Cryptocurrency “Clearly Shaking the System”, says IMF President Lagarde

Christine Lagarde, president of the IMF, sees fintech developments as potentially disrupting the banking system.

Cryptocurrencies and financial technology developments are “shaking” the banking system and must be monitored, stated Christine Lagarde, Managing Director of the International Monetary Fund, while speaking to CNBC.

Lagarde also pointed out that commercial banks are changing their business models to respond to the pressures of fintech and cryptocurrencies.

“I think the role of the disruptors and anything that is using distributed ledger technology, whether you call it crypto, assets, currencies, or whatever...that is clearly shaking the system,” Lagarde said.

Digital platforms are currently building various payment systems, competing with the previous generations of fintech apps. Projects like Crypto.com are gaining popularity. Recently, Bitcoin marked 400 million transactions as usage and active wallets are picking up again as well.

However, digital currencies are no longer a fully anonymous payment system, as most projects require a form of customer screening (KYC) and enforce money-laundering regulations.

“We don’t want innovation that would shake the system so much that we would lose the stability that is needed,” Lagarde said.

The remarks were made during a discussion panel following the Spring Meeting of the IMF in Washington. In the past years, digital assets moved into the mainstream, while central banks made their own research on the matter. The European Central Bank’s position is that Bitcoin is too slow and incapable of carrying the volume of financial transactions in the world economy. Additionally, digital assets are still not considered currency in most jurisdictions, and are either treated as commodities or securities.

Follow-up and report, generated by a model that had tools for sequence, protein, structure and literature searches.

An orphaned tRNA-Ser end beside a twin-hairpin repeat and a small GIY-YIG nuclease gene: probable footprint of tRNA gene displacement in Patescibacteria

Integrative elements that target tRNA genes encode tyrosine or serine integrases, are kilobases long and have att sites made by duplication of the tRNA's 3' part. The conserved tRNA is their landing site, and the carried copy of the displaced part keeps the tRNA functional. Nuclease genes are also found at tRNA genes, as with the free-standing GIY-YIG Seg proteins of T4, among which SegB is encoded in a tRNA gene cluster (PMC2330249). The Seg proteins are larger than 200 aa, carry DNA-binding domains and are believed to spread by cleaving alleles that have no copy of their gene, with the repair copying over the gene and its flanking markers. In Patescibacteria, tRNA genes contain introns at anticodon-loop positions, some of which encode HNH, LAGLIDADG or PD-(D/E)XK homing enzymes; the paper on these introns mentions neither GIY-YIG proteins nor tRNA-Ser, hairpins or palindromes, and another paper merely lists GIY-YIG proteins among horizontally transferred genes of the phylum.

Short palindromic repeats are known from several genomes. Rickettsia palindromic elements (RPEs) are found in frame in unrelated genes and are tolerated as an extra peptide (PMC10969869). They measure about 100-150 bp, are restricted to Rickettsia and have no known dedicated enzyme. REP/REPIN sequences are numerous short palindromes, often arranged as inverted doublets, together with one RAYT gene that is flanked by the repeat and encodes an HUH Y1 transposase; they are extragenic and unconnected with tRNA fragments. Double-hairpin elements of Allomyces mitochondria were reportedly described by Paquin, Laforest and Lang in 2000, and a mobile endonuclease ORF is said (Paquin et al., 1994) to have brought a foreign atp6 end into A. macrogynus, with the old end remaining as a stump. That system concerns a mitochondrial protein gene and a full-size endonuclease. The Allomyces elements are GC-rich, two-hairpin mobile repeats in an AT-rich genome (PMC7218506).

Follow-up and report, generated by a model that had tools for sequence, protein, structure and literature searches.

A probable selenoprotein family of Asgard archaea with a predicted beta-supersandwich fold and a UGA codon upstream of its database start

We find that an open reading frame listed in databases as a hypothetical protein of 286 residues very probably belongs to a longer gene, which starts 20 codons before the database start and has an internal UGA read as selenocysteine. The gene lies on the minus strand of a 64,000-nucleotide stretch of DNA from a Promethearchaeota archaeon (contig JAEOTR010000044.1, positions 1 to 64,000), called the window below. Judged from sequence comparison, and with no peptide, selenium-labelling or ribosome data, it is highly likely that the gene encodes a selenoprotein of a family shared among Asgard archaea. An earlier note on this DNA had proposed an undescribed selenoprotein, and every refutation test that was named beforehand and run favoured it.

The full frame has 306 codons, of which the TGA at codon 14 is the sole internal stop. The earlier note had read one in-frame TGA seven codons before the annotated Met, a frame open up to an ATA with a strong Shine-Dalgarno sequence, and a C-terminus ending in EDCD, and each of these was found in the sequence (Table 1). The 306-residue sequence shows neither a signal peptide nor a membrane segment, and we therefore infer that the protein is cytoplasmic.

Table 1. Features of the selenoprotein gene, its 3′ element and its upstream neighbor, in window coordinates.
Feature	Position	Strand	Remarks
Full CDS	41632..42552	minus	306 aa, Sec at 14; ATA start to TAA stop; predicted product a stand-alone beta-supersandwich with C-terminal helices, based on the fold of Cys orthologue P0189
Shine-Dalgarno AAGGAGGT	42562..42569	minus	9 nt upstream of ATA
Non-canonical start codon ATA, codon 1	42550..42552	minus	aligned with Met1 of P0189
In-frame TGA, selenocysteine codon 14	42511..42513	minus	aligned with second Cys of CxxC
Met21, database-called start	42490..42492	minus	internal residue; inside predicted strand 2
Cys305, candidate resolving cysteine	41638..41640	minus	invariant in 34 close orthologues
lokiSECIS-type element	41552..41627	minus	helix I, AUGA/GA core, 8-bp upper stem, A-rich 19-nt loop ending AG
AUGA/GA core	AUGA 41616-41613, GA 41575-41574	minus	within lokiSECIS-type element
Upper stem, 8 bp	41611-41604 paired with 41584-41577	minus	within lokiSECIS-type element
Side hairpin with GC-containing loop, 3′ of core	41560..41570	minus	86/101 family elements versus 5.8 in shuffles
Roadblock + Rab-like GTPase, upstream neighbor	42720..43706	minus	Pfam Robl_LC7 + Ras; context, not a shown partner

Currently, the banking sector is expecting an overhaul of the SWIFT interbank system to speed up payments. A limited number of banks is testing the networks of Ripple and Stellar (XLM) for faster and cheaper interbank transfers.

Bitcoin is seen as decentralized, because there is no central bank to control the issuance and the value of money, or inflation. The supply and issuance of most digital coins or tokens is predetermined, depending on the use case.

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